Pentagon: Officials Plan Fort Hood Memorial Service
News in Balance:
WASHINGTON, Nov. 9, 2009 -- President Barack Obama will join Defense Secretary Robert M. Gates, Joint Chiefs Chairman Navy Adm. Mike Mullen, Army Secretary John M. McHugh and Army Chief of Staff Gen. George W. Casey Jr. at Fort Hood, Texas, tomorrow for a ceremony to honor the victims of the Nov. 5 shooting rampage that left 13 dead and 38 wounded.
Many of those wounded in the attack have recovered enough to attend the ceremony, said Army Lt. Gen. Robert W. Cone, commander of 3rd Corps and Fort Hood.
“We still have 15 of our great soldiers hospitalized; eight are in intensive care, and seven are in wards,” Cone said during a news conference at Fort Hood today. “Our thoughts and prayers go out to them and their families during this difficult time.”
Cone said he is most concerned that the healing phase begins. “I think what’s absolutely critical is that we understand the nature of what has happened here,” he told reporters. “There are probably about 600 people who were somehow directly touched by this incident.”
Cone said authorities’ initial focus in these last three days has been working on getting those 600 people the right behavioral assessments and counseling.
Now, officials are dealing with the larger population at the sprawling post. “I had a very good session yesterday with … the civilian personnel and the soldiers who worked at the soldier readiness site, and had a good opportunity to address their concerns,” Cone said. “And … they began their processing through this critical-incident debrief process.”
Soldiers are among the best prepared to deal with the stress of this incident, the general noted, because they have had training and experience. “Many of us are used to being in theater, and something like this happens, and we come back right away. We get on with the mission. We do the memorial service, we send our comrades home, and then we move on with the mission,” he said.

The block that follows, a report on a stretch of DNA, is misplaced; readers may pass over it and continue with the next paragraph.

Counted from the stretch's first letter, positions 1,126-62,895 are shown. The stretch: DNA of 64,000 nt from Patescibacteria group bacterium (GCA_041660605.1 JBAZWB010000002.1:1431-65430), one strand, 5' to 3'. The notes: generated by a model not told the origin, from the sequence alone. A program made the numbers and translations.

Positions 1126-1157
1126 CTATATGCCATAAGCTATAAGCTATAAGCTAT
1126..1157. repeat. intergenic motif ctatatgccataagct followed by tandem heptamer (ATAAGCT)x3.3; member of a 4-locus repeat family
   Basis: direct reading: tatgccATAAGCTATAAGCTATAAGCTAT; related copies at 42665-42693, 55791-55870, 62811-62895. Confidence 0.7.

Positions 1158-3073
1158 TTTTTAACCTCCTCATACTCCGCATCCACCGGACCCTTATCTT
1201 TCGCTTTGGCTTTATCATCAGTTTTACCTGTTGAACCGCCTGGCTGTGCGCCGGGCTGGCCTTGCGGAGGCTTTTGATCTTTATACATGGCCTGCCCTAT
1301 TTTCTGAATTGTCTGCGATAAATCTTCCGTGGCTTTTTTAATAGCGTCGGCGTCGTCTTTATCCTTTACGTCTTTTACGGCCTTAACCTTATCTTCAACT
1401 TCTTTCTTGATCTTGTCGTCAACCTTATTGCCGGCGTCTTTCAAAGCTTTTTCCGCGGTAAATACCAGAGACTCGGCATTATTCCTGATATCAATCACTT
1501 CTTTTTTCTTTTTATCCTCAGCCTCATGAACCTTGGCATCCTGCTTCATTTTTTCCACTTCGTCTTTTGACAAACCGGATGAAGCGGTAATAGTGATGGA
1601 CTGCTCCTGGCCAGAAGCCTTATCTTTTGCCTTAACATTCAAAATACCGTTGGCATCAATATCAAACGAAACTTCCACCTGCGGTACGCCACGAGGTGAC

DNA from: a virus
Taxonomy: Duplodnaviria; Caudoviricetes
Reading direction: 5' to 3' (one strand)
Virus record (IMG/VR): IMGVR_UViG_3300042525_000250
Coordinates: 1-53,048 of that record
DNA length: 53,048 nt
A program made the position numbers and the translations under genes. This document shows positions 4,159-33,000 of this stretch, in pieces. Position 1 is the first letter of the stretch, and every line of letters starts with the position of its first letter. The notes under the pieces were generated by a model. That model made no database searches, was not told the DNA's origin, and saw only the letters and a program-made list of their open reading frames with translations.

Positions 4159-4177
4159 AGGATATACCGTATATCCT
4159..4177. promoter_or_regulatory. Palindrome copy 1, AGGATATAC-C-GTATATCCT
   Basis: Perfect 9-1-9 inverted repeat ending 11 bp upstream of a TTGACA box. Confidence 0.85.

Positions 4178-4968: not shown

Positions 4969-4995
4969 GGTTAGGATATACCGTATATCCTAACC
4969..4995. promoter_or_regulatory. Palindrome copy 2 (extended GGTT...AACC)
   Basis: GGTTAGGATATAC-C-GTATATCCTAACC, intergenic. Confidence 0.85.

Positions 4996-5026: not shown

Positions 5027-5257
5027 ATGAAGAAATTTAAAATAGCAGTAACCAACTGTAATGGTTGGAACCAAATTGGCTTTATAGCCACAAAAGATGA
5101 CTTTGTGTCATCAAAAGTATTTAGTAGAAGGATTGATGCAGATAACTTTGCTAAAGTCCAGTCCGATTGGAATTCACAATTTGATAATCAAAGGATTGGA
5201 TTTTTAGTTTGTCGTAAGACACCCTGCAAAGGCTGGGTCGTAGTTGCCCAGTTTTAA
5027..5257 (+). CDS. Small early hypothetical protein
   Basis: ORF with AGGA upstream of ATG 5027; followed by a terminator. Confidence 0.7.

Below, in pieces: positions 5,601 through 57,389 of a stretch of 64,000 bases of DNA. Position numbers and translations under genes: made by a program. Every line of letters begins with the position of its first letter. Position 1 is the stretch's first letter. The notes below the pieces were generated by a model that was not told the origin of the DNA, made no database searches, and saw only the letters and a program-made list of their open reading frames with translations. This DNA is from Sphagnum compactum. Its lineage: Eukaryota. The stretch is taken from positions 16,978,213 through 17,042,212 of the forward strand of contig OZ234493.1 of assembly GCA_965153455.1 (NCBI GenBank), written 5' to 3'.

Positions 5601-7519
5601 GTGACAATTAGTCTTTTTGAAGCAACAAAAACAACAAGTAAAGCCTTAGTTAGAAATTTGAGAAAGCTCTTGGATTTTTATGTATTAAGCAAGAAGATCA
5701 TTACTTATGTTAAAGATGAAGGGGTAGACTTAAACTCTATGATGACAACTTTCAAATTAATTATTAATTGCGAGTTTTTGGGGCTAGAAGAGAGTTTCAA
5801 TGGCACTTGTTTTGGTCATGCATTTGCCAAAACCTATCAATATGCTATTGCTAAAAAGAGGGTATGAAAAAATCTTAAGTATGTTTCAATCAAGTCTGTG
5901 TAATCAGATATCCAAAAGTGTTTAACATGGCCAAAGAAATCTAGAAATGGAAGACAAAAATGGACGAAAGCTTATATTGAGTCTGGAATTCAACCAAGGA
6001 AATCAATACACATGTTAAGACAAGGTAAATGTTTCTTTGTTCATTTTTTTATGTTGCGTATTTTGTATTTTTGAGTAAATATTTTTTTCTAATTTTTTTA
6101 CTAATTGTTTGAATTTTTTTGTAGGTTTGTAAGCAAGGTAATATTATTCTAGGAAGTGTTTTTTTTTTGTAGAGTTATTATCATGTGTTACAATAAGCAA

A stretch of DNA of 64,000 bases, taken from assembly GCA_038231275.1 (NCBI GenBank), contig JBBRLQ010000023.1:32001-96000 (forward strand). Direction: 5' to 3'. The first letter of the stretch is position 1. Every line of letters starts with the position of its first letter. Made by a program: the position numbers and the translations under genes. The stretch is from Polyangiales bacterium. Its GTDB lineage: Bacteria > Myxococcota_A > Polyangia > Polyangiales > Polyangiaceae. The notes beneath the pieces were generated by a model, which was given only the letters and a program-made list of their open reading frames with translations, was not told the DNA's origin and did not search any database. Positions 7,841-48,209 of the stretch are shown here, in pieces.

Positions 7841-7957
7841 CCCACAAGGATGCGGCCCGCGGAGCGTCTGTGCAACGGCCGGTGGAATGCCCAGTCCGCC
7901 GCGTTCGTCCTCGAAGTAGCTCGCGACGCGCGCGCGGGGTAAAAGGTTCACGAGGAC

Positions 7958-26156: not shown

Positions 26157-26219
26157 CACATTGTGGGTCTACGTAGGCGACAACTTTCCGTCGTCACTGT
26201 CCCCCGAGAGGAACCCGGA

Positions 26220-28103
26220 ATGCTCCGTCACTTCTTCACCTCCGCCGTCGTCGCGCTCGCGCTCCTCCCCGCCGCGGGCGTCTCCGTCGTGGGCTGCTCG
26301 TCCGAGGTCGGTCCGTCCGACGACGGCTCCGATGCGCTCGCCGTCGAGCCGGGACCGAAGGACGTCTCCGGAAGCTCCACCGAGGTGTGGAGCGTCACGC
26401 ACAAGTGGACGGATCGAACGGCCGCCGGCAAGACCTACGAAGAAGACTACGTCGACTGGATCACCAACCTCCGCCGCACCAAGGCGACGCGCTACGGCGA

But dealing with the civilians and families poses more of a challenge. They’ve always considered the base to be a safe place, Cone noted, and now officials must devise ways to help them. “We are right now in the process of executing a comprehensive program to address the needs of all of these populations,” he said.
Officials also must find ways to help soldiers who suffered post-traumatic stress from earlier combat-related incidents, Cone said. They, too, saw Fort Hood as a safe place. “We don't really know what the impact of something like this has on them,” the general acknowledged.
The Army has mobilized resources to help, with 27 military family life consultants, 18 combat stress control teams, 41 behavioral health specialists and 57 ministry support teams on the ground at Fort Hood.
“We have additional resources coming in as we need it,” Cone said. “As General Casey tells me, the entire resources of the United States Army are at the disposal of Fort Hood and its population to help deal with the impact of this event.”
People who wish to donate to aid the victims and the families have a number of options.
Checks can be mailed to:
Chaplain's Fund Office
Bldg 44, 761st Tank Battalion Ave.
Fort Hood, TX 76544-5000
Checks should be made payable to "CTOF" -- which stands for Chapel's Tithes and Offerings Fund -- with a note on the memo line stating "Nov. 5 Tragedy."
Contributions on behalf of Fort Hood soldiers also can be made to:
Bldg 36015, Fisher Lane
Fort Hood, TX 76544
Donations also can be made through the Red Cross:
Killeen Red Cross
208 W. Ave. A
Killeen, TX 76541
Finally, donations can be made through the USO:
USO Fort Hood
Building 1871, 50th St.
Fort Hood, TX 76544
In related news, the Army Criminal Investigation Command is seeking anyone who may have left the area of the shooting with gunshot damage to their vehicles or clothing, and anyone who may inadvertently have left the scene with material that could be used as evidence -- shell casings inside their boot, for example.
The evidence would aid CID and FBI investigators, officials said.
Officials said gunshot-damaged material needs to be inspected by the soldier's or civilian's supervisor or chain of command, and commanders or first sergeants must verify that the person providing the evidence was at the scene.
(Report by Jim Garamone, American Forces Press Service.)